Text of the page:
Carbon and nitrogen supply to the underground orchid, Rhizanthella gardneri

Authors

  • Jeremy J. Bougoure,

    1. School of Plant Biology M090, University of Western Australia, 35 Stirling Highway, Crawley, WA 6009, Australia
    2. Present address: University of British Columbia, 3333 University Way, Kelowna, BC V1V1V7, Canada
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  • Mark C. Brundrett,

    1. School of Plant Biology M090, University of Western Australia, 35 Stirling Highway, Crawley, WA 6009, Australia
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  • Pauline F. Grierson

    1. School of Plant Biology M090, University of Western Australia, 35 Stirling Highway, Crawley, WA 6009, Australia
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Author for correspondence:
Jeremy J. Bougoure
Tel: 1 250 807 9556
Email: jeremy.bougoure@ubc.ca

Summary

  • Rhizanthella gardneri is a rare and fully subterranean orchid that is presumably obligately mycoheterotrophic. R. gardneri is thought to be linked via a common mycorrhizal fungus to co-occurring autotrophic shrubs, but there is no experimental evidence to support this supposition.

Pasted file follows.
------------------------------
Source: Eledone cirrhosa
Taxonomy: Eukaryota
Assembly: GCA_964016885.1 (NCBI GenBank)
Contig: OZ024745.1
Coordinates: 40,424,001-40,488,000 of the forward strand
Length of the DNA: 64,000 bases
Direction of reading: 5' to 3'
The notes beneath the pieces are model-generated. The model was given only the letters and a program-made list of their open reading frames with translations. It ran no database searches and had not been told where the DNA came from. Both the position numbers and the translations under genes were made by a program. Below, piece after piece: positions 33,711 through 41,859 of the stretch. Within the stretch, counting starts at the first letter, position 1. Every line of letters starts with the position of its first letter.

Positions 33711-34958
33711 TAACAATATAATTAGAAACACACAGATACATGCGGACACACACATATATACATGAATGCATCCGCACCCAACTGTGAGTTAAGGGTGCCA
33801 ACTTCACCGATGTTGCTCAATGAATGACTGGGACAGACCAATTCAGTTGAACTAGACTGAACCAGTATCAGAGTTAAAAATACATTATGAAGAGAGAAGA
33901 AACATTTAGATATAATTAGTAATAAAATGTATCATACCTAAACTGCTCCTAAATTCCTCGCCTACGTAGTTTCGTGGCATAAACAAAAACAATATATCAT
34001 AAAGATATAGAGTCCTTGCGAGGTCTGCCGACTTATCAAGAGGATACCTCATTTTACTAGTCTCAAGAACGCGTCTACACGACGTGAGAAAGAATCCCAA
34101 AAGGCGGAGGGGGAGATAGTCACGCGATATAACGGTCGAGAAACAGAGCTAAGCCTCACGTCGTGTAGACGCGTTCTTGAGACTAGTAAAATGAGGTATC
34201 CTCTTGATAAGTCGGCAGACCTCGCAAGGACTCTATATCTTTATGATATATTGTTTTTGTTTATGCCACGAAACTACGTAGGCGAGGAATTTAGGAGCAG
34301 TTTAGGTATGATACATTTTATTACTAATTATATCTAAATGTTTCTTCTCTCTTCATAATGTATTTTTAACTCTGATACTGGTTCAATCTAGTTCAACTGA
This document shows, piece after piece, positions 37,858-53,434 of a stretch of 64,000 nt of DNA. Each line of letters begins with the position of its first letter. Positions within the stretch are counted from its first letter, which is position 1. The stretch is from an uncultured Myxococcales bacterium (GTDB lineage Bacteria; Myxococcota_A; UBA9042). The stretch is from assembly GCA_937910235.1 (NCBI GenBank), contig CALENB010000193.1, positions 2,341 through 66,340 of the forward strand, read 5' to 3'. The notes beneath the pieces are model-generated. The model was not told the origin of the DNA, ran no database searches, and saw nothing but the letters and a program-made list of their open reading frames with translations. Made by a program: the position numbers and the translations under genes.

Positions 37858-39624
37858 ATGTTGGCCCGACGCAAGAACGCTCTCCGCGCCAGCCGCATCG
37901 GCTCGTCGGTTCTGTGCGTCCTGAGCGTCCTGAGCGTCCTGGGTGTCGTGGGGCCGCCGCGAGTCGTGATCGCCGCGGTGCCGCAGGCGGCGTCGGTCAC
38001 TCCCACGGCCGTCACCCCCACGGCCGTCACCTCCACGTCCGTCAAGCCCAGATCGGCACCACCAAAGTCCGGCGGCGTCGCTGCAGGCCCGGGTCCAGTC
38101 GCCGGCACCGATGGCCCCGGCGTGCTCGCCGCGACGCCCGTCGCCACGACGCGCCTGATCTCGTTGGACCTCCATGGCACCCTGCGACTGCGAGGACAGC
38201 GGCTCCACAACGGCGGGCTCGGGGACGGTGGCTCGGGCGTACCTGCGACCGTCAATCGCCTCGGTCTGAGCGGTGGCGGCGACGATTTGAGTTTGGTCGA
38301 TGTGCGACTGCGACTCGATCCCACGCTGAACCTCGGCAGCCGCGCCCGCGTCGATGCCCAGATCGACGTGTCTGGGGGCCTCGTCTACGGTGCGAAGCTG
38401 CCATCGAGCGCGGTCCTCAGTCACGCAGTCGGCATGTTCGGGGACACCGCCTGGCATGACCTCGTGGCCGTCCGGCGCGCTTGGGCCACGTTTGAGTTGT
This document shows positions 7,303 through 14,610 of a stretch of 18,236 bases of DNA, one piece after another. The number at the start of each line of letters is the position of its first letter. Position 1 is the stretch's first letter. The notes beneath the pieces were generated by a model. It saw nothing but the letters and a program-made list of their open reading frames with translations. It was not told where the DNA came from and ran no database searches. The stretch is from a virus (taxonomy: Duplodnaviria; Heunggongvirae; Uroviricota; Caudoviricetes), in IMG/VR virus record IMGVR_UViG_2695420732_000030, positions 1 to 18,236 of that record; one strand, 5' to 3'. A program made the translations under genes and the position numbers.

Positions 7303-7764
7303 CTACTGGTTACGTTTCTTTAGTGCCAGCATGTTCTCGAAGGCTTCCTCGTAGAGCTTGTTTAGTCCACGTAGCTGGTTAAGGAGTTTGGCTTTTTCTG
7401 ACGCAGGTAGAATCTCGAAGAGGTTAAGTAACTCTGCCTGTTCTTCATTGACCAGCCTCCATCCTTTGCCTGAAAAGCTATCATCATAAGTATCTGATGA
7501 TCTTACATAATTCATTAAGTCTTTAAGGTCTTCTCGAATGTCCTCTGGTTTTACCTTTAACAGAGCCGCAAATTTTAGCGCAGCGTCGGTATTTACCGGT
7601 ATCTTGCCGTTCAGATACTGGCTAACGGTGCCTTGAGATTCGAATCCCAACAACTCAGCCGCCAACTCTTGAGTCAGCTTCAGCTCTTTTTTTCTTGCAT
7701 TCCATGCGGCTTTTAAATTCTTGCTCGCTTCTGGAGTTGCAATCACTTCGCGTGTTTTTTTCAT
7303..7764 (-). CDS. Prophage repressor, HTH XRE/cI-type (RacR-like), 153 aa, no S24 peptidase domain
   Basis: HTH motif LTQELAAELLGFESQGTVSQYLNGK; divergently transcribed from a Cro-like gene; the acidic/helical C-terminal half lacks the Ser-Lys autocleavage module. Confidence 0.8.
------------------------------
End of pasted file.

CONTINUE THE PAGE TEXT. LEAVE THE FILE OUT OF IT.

• We used compartmentalized microcosms to investigate the R. gardneri tripartite relationship. 13CO2 was applied to foliage of Melaleuca scalena plants and [13C-15N]glycine was fed to the common mycorrhizal fungus, and both sources traced to R. gardneri plants.
  • In our microcosm trial, up to 5% of carbon (C) fed as 13CO2 to the autotrophic shrub was transferred to R. gardneri. R. gardneri also readily acquired soil C and nitrogen (N), where up to 6.2% of C and 22.5% of N fed as labelled glycine to soil was transferred via the fungus to R. gardneri after 240 h.
  • Our study confirms that R. gardneri is mycoheterotrophic and acquires nutrients via mycorrhizal fungus connections from an ectomycorrhizal autotrophic shrub and directly from the soil via the same fungus. This connection with a specific fungus is key to explaining why R. gardneri occurs exclusively under certain Melaleuca species at a very limited number of sites in Western Australia.

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